The use of part-helical guidance members as described above provides a greater degree of support for the boring head when the head is counterboring a hole whose surface has an axially extending discontinuity such as an axially extending keyway. As the part-helical guidance members will not extend parallel to such a keyway they will not tend to enter the keyway as might be the case if the guidance members and keyway were parallel.

When it is intended to use a deep boring head as described above to counterbore a deep hole, a different tool and head arrangement may first be used to provide a pilot counterbore of the required diameter which is deep enough to take the deep boring head as described above. The deep boring head is then inserted into this pilot counterbore and the radial positions of the guidance members adjusted using the sleeve 12 in order to ensure that the bearing strips 8 contact the surface of the pilot counterbore. The counterboring operation is then continued using the deep boring head which is guided as previously described by the guidance members.

In addition to enabling the easy setting-up of the boring head for operation, the ability to adjust the radial positions of the guidance members enables one boring head to be capable of counterboring a range of hole diameters. This range can be further extended by fitting bearing strips mounted on thicker shoes.

Although the invention has been described above in relation to a boring head for use in counterboring an existing deep hole it will be understood, as mentioned previously, that the invention is applicable to boring heads for performing the simple boring operation of boring a hole in a formerly solid workpiece or to boring heads which are capable of performing simple boring and counterboring operations simultaneously.

Patent Citations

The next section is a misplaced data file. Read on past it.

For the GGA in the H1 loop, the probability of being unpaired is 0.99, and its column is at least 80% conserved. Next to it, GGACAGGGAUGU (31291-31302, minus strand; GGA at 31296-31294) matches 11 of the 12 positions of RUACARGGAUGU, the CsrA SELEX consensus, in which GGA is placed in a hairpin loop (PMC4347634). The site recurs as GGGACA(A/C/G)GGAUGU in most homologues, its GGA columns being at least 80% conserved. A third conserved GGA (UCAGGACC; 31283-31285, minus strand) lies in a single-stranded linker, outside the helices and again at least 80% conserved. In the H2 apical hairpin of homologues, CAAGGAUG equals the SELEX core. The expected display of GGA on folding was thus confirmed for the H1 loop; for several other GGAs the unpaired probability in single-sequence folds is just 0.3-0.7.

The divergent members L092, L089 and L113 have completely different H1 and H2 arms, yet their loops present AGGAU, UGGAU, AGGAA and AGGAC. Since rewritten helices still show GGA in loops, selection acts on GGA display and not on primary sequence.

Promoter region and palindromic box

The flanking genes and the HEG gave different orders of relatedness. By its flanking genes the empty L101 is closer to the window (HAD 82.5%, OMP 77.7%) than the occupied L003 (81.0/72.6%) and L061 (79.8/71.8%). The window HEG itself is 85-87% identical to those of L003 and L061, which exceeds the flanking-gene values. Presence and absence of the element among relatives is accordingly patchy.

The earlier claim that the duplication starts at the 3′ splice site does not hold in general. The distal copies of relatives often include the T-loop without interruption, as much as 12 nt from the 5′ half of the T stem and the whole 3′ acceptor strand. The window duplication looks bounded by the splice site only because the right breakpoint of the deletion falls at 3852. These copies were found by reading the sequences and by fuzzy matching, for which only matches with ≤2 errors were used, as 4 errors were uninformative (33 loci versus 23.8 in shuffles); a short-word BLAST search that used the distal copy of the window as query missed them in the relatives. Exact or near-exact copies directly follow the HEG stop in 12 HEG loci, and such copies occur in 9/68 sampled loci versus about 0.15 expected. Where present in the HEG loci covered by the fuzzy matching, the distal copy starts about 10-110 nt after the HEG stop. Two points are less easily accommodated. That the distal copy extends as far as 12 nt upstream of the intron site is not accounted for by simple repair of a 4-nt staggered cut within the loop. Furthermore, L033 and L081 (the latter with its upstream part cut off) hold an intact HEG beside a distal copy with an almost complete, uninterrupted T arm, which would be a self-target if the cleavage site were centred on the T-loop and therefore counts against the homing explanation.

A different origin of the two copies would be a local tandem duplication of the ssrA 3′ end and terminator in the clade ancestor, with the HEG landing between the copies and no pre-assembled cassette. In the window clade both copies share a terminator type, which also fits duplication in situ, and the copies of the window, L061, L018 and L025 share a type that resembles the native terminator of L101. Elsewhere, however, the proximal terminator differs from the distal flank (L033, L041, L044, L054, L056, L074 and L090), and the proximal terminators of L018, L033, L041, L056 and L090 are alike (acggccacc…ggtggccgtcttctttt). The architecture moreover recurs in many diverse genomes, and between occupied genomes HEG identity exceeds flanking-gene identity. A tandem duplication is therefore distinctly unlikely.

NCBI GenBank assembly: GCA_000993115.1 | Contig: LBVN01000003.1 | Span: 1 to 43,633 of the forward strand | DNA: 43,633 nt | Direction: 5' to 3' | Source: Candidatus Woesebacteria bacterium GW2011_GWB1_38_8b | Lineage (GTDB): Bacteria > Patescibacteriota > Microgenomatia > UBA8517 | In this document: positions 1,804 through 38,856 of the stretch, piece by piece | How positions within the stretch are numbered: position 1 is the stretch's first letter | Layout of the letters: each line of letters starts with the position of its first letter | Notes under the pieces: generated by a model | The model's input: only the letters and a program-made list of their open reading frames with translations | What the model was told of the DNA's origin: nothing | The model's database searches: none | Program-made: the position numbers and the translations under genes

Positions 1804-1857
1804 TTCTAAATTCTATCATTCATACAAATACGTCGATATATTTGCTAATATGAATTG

Cited PatentFiling datePublication dateApplicantTitle
US1300325 *Apr 8, 1918Apr 15, 1919Frederick BaumannFinishing-tool.
US1881024 *Nov 21, 1929Oct 4, 1932Guiberson CorpDrill bit
US2964833 *May 7, 1958Dec 20, 1960Manchester Machine & Tool CoCutoff tool and holder therefor
US3348434 *Jun 29, 1965Oct 24, 1967Giddings & LewisBoring bar assembly for deep hole boring
US3738765 *Apr 8, 1971Jun 12, 1973M MaterSealing structure for pole boring machine
US3762828 *Sep 7, 1971Oct 2, 1973Sandvik AbDrill with guide device
DE1009889B *Oct 21, 1952Jun 6, 1957Mecc Magar S R L OffWerkzeug mit einer arbeitenden Schneidkante
Referenced by
Citing PatentFiling datePublication dateApplicantTitle
US4596498 *Jul 12, 1983Jun 24, 1986MAPAL Fabrik fur Prazisions werkzeuge Dr. Kress KGSingle bit reamer with improved guide members
US8801343 *Oct 19, 2011Aug 12, 2014Kennametal Inc.Rotating cutting tool and guide insert therefor
US20120134759 *Oct 19, 2011May 31, 2012Kennametal Inc.Rotating cutting tool and guide insert therefor
DE4007175A1 *Mar 7, 1990Sep 12, 1991Mapal Fab PraezisionReamer for machining esp. aluminium (alloy) - has plastics guide pads
Classifications
U.S. Classification408/226, 408/227, 408/705, 408/231
International ClassificationB23B29/03
Cooperative ClassificationY10S408/705, B23B29/03
European ClassificationB23B29/03